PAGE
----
Pulmonary Atresia and Pulmonary Stenosis

Dr. Ira Shah
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Pulmonary Atresia and Pulmonary Stenosis - Patient Education
What is pulmonary atresia?
The heart consists of 4 chambers - the right and left atrium. atrium (These are the chambers that receive the blood - the right atrium receives impure blood from the rest of the body and left atrium receives pure blood from the lungs) and the right and left ventricles (These are the chambers that pump the blood from the heart - right ventricle receives impure blood from right atrium and sends it to the lungs and left ventricle receives pure blood from left atrium and sends it to the body). Right atrium is separated from the right ventricle by a valve called as tricuspid valve. Left atrium is separated from the left ventricle by a valve called as mitral valve. The blood flow from the right ventricle to the lungs via the pulmonary artery is regulated by the pulmonary valve while the blood flow from the left ventricle to the rest of the body via the aorta is regulated by the aortic valve. In pulmonary atresia, no pulmonary valve exists, so blood can’t flow from the right ventricle into the pulmonary artery and on to the lungs. The tricuspid valve is often poorly developed too. Thus for the blood to go to the lungs, either blood flows from the right ventricle to the left ventricle by a hole in the ventricular wall (ventricular septal defect) or from the right atrium to the left atrium by a hole in the atrial wall (atrial septal defect). So there is mixing of both impure blood and oxygen rich blood on the left side of the heart. The left ventricle pumps this mixture of blood into the aorta and the rest of the body. Part of the blood from the aorta is sent to the lungs through a connection between the aorta and the pulmonary artery called as patient ductus arteriosus (PDA). This blood then gets oxygen in the lungs and comes back to the left atrium.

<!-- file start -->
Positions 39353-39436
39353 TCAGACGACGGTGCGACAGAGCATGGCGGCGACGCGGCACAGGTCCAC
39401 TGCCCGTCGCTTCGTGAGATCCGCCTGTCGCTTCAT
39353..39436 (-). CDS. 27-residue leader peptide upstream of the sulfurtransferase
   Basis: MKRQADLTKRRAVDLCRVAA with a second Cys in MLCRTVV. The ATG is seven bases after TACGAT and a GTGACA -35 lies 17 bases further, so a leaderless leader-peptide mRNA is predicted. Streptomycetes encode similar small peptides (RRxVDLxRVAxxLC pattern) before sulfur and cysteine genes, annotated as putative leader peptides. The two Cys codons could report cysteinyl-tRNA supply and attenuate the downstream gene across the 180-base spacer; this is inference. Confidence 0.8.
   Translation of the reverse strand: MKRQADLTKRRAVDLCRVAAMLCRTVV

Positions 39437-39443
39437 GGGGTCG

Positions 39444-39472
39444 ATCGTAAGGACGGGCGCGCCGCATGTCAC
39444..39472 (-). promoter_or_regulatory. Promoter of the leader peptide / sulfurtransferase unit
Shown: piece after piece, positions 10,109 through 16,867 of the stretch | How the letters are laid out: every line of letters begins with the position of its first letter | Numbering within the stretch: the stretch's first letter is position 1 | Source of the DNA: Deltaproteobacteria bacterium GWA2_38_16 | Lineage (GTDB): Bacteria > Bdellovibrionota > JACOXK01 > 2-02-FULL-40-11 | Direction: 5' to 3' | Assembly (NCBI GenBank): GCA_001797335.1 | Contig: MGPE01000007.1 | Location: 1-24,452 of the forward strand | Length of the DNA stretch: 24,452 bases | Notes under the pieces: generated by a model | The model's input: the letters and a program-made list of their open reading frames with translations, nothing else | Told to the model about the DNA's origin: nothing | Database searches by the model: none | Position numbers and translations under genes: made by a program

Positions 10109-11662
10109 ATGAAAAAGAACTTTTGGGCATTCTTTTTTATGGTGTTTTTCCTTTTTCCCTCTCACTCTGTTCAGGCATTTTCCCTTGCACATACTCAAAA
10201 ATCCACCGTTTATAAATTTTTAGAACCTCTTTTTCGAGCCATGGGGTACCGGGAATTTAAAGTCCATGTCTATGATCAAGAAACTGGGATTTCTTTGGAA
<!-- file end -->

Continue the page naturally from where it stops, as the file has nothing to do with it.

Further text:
What are the symptoms of pulmonary atresia?
As there is mixing of both oxygen rich and oxygen poor blood which goes into the body, the baby may appear blue because there is less oxygen in the blood circulating in the arteries.

What is the treatment of pulmonary atresia?
Since PDA is essential to allow blood flow to the lungs, early treatment is often required to prevent PDA from closing. A shunt between the aorta and the pulmonary artery is required to increase blood flow to the lungs and promote growth of pulmonary arteries. Complete repair may be done at a later date to connect the right ventricle to the pulmonary artery by a conduit. If the right ventricle is very small, then right atrium may be directly attached to the pulmonary artery. The ASD or VSD are also closed at the same time.


References
Pulmonary Atresia and Pulmonary Stenosis Pulmonary Atresia and Pulmonary Stenosis 08/01/2015
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